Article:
The three personality subtypes mentioned above have to do with the amount of control exercised over impulses and emotions. Two of the groups reflect little ability to adapt to changes in the social environment. In one of them, the undercontrolled group, this is manifest in very little control or modulation of impulses, and in the other, the overcontrolled group, it takes the form of excessive control and a certain degree of social avoidance. In contrast, the high-functioning group represents a more balanced personality, with greater ability to adapt to changes in the social environment.21 In community samples, the high-functioning group has generally been associated with a lower risk of psychopathology, the overcontrolled group with a higher risk of internalizing disorders, and the undercontrolled group with a higher risk of externalizing disorders.17

This classification was also established using the Big Five model.17 Asendorpf,12 for example, defines people with below-average scores in neuroticism and above-average scores in all other dimensions as belonging to the high-functioning group. Those with high scores in neuroticism and low scores in agreeableness and conscientiousness are classified as undercontrolled, while those in the overcontrolled group score high in neuroticism and low in extraversion and openness to experience. Asendorpf found that these three subtypes were the only types that were repeatable in different samples and reliable over time, with different age groups and with different measuring instruments. The same three personality profiles were also obtained by Claes et al.22 when a cluster analysis was carried out on a sample group of ED sufferers.

There are, however, some exceptions to this three-way model. Krug et al.,23 using the Temperament and Character Inventory - Revised (TCI-R) as the instrument of evaluation, found that the best-fitting model was a six-profile solution, while another recent study divided patients into four groups: the three mentioned above plus another characterized mainly by negative affectivity and a restrictive diet.24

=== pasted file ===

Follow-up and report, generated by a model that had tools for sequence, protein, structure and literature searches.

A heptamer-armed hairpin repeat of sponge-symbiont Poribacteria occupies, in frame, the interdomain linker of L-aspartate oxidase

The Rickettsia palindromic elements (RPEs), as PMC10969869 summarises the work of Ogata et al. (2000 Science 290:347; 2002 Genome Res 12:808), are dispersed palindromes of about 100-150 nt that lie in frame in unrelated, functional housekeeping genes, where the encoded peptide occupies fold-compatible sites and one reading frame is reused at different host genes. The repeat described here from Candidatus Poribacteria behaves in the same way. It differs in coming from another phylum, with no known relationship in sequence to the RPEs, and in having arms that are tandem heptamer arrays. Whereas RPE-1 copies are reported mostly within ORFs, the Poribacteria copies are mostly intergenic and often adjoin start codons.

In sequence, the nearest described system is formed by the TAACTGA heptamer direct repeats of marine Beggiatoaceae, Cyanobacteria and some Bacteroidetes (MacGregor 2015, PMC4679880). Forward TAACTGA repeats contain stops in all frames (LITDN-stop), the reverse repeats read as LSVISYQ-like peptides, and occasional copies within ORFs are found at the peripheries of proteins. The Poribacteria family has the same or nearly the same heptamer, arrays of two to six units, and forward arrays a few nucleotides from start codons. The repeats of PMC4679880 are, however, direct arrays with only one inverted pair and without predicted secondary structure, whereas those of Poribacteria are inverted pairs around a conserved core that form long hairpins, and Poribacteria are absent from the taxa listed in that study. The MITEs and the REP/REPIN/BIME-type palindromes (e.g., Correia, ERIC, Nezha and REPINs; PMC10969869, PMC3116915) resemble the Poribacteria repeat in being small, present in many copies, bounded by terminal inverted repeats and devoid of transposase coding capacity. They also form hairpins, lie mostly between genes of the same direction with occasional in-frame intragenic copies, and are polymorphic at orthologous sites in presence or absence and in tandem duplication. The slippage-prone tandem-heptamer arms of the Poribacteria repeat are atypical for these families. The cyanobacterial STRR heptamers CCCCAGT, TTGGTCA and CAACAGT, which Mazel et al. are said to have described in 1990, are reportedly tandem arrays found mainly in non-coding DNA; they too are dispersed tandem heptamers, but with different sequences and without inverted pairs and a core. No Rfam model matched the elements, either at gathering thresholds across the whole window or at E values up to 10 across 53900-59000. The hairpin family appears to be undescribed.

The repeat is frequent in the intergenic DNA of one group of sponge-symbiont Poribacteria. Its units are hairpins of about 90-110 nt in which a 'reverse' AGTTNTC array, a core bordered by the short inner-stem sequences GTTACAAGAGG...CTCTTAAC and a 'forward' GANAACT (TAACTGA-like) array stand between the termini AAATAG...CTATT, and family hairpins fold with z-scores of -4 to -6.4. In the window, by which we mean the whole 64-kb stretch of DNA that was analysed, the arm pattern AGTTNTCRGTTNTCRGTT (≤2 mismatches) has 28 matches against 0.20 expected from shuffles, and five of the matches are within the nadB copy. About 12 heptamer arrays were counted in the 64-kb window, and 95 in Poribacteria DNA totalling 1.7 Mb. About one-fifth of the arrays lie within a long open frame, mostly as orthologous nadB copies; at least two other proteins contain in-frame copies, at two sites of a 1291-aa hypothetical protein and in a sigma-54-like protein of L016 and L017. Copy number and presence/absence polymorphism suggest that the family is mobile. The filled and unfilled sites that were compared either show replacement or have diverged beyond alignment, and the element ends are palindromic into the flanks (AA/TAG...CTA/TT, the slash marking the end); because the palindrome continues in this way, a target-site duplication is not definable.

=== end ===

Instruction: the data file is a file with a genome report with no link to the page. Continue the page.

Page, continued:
Nevertheless, most researchers continue to defend a model based on three groups, and the use of the three personality prototypes has been vindicated in other recent studies carried out with different ED populations. For example, the same three groups (high-functioning, overcontrolled, and undercontrolled) were identified in three ED studies carried out with adolescents.16,19,25 Another study used a cluster analysis to separate different profiles in a group of male ED sufferers and, once again, ultimately divided the sample into three groups.14 The same classification was repeated in two other studies: one carried out with patients diagnosed as having AN26 and one carried out with a population of subclinical ED sufferers.27

In addition, a number of prospective longitudinal studies have shown that the traits associated with the undercontrolled subtype increase the risk of ED,28,29 while other studies with recovered patients have observed earlier obsessive-compulsive and avoidant personality disorders in patients who later developed EDs.30 Nevertheless, none of the studies we consulted has investigated the joint capacity of the undercontrolled and overcontrolled groups, taken in comparison with the high-functioning group, to predict EDs. Those studies which have analyzed all three subtypes together have applied them exclusively to either ED or community samples, but have not compared case and control groups.

Our objective in this study, therefore, is to determine how different personality prototypes (high-functioning, overcontrolled, and undercontrolled) affect an individual’s risk of suffering from an ED. The starting hypothesis is that people with an overcontrolled or undercontrolled personality profile would have a greater risk of ED than those who belong to the high-functioning group. To test this hypothesis, we conducted a study involving people diagnosed with ED (cases) and people free from ED symptoms (controls).

Material and methods

Participants